International Implications of the Alien Tort Statute
Posted: 29 Feb 2008
Date Written: June 2004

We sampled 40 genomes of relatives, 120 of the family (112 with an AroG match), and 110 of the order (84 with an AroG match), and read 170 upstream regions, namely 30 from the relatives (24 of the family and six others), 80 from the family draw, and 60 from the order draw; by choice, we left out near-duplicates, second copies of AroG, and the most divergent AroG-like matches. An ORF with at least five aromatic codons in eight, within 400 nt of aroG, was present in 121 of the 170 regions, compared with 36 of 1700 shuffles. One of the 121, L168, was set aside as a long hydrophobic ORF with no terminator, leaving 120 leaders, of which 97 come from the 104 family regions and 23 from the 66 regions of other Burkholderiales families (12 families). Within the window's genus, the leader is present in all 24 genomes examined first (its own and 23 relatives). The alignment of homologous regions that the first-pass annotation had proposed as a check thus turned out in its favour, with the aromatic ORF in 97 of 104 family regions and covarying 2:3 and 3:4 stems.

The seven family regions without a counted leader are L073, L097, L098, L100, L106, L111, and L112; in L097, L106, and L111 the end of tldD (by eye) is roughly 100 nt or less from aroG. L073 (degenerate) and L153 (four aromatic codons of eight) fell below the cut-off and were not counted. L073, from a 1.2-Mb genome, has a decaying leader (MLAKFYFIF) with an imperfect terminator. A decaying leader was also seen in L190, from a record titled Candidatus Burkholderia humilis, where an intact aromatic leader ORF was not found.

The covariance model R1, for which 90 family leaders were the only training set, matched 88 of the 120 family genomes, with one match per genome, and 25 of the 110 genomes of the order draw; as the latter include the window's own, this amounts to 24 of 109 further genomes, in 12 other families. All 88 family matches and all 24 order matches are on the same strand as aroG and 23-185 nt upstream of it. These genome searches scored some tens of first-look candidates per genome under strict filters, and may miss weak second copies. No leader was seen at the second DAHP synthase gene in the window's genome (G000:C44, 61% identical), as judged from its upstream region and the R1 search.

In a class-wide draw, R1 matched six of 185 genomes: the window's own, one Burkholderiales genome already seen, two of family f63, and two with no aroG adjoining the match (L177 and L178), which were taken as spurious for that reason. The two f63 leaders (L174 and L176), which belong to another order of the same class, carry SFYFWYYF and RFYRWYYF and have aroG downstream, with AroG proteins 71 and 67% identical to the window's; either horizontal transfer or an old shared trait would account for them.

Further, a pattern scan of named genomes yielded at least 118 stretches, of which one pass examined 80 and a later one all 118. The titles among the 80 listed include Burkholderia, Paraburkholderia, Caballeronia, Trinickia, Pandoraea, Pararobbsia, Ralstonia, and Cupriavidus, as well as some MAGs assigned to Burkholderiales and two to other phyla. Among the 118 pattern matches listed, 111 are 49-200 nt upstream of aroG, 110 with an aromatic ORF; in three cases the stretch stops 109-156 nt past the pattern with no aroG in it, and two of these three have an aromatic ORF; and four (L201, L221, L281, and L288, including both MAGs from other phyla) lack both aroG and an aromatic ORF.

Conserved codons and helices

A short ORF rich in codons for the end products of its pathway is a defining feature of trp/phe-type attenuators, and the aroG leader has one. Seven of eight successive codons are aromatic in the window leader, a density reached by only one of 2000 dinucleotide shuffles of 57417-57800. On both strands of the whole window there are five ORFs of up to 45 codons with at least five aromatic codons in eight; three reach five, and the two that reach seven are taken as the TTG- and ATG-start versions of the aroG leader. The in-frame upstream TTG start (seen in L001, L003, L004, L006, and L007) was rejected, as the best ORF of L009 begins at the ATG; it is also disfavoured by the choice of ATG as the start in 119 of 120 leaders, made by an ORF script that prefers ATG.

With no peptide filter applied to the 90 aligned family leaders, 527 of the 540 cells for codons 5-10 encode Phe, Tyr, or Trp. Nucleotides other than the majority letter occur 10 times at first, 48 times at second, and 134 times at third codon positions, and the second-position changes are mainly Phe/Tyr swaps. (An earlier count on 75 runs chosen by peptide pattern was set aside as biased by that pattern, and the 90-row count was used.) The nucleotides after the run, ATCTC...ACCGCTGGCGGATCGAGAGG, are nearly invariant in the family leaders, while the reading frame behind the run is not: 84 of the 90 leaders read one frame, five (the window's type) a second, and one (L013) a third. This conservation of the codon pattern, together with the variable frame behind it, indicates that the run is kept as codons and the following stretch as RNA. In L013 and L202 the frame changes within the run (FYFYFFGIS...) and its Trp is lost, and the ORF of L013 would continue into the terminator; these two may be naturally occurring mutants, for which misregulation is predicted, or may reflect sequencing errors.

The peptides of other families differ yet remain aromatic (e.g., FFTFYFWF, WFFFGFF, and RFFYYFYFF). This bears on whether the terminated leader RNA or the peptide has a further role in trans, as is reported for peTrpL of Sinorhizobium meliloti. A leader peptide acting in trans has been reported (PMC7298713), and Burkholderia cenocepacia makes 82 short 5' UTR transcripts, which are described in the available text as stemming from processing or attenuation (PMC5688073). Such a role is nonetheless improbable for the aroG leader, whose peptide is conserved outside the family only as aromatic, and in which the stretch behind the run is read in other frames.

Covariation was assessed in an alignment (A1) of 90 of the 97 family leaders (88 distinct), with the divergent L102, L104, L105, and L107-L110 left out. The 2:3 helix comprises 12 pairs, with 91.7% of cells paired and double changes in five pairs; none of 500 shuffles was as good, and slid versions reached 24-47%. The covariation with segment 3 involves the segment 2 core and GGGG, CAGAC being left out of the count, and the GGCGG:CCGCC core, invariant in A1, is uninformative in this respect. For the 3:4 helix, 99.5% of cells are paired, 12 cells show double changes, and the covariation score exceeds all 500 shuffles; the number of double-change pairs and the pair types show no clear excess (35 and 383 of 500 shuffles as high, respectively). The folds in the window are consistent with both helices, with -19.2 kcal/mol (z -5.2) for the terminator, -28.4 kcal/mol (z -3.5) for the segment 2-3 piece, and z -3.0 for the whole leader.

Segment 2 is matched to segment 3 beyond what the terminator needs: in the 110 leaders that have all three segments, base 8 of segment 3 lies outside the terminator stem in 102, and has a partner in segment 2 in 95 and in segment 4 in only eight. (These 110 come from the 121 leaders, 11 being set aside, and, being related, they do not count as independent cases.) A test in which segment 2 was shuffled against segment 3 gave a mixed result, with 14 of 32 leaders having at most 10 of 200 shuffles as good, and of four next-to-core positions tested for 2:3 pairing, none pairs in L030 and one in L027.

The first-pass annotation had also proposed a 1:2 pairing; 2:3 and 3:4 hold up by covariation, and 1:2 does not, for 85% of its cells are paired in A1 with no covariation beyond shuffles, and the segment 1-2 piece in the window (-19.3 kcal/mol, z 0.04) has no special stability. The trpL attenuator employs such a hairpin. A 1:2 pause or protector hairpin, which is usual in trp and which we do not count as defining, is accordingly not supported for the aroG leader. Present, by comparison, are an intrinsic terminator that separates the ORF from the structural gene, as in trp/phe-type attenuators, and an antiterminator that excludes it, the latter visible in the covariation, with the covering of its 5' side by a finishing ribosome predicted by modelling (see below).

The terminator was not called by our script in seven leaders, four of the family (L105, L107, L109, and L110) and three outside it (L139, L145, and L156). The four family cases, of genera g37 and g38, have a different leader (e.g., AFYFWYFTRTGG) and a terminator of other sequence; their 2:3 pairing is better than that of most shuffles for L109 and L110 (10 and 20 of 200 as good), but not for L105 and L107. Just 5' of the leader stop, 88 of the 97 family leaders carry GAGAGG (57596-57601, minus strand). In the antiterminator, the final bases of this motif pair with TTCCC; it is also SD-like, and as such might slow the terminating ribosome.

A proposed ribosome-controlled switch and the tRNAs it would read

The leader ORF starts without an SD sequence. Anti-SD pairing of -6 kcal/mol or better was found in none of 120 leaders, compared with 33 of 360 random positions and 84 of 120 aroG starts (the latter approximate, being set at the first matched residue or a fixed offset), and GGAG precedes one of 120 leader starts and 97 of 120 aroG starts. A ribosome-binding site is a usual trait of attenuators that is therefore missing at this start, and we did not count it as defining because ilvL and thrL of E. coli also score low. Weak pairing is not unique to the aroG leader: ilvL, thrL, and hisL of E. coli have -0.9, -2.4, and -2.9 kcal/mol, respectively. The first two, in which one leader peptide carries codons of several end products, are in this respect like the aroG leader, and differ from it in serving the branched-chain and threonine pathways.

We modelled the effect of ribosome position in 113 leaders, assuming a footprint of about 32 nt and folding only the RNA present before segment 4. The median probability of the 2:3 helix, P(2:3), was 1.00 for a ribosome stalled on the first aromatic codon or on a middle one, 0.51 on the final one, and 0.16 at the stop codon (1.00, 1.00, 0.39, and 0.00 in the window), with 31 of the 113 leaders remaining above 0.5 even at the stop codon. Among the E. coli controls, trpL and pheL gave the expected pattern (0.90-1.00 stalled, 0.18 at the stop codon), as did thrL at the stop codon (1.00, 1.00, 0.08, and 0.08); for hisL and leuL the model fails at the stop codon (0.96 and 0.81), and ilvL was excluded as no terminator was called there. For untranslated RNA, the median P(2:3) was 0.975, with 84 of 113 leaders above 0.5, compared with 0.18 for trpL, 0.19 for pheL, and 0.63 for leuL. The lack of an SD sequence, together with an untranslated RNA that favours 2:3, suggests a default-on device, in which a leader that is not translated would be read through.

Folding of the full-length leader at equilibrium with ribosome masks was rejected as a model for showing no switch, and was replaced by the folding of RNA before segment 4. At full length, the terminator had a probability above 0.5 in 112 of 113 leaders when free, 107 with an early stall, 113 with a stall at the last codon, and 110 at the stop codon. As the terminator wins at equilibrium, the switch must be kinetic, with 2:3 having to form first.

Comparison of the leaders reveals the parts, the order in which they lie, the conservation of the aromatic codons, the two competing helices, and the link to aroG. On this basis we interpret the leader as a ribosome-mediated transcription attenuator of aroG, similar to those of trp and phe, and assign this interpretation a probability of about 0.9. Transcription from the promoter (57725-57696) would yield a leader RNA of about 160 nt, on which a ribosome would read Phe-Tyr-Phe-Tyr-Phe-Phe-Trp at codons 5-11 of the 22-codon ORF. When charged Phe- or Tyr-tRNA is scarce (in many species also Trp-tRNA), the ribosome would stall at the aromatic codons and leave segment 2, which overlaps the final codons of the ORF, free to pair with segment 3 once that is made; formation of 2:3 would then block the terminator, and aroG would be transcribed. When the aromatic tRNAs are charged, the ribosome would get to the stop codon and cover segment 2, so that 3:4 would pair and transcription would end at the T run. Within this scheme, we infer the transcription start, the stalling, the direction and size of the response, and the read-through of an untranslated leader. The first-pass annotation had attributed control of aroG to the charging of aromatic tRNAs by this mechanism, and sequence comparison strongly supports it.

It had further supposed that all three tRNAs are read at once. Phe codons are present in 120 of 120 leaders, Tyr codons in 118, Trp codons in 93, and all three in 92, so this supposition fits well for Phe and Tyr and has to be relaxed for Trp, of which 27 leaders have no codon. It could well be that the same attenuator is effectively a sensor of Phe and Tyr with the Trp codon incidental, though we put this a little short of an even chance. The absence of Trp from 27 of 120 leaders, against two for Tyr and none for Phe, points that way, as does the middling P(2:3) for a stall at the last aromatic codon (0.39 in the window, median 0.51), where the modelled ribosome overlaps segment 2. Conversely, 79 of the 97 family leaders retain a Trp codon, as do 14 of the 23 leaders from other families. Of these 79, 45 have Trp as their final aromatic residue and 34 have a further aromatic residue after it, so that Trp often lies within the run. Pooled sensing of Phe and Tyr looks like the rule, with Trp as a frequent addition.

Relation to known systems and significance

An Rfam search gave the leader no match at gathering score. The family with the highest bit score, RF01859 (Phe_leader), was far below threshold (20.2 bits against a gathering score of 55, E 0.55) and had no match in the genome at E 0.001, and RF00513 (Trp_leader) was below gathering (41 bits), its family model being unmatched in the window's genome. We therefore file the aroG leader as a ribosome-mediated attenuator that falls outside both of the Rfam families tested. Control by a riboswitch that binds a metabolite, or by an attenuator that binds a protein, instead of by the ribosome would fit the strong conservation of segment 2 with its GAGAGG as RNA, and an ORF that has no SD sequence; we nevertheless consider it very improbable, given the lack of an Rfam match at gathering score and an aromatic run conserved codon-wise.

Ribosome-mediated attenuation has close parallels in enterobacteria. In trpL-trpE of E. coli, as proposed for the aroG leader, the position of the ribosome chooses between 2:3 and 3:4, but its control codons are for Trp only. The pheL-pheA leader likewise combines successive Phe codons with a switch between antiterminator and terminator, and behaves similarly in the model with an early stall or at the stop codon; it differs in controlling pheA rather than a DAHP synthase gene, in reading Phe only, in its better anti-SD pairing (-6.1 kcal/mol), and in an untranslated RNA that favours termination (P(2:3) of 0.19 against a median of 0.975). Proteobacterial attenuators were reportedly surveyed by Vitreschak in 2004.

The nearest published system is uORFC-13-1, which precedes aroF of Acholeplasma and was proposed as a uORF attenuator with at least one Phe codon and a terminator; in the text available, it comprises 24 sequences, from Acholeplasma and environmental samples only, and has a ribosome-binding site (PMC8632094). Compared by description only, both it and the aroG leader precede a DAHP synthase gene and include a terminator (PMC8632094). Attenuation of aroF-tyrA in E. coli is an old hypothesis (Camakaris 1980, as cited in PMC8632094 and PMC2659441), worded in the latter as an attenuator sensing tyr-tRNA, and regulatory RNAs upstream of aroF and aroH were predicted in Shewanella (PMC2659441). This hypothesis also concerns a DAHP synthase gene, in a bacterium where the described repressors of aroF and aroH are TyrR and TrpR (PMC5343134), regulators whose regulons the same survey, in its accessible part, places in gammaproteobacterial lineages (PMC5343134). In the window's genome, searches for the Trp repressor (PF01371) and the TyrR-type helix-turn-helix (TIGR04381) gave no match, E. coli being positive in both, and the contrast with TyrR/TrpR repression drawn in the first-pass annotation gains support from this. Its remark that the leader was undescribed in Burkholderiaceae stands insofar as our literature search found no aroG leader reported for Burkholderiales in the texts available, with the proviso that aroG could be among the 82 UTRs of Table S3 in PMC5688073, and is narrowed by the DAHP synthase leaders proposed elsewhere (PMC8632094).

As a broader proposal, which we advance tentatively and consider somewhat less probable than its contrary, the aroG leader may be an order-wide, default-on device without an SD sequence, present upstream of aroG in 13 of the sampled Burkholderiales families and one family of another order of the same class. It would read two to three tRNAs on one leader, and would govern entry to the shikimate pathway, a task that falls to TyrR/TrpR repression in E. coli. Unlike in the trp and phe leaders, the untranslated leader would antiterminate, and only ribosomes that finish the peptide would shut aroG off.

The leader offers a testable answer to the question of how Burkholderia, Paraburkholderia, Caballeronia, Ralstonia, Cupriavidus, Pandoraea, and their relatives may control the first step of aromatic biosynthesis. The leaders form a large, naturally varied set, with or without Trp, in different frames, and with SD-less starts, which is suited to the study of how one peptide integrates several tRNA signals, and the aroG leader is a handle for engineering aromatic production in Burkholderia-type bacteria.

The Alien Tort Statute of 1789 (ATS) remained virtually dormant until it was revived by the 1980 decision of the Second Circuit in Filartiga vs. Pena-Irala. Since Filartiga, plaintiffs, who are neither US citizens nor residents, have invoked the ATS for a widening range of claims alleging large damages from acts committed outside the United States. ATS suits are increasingly targeting the deep pockets of multinational corporations. In an upcoming case, Sosa vs. Alvarez-Machain, the US Supreme Court will have to address whether the ATS grants federal courts a flexible power to create new torts corresponding to evolving norms in the 'law of nations'. The authors contend that a broad interpretation of the ATS will make US federal courts agents of judicial imperialism, doing great damage to foreign relations, as well as international trade and investment.
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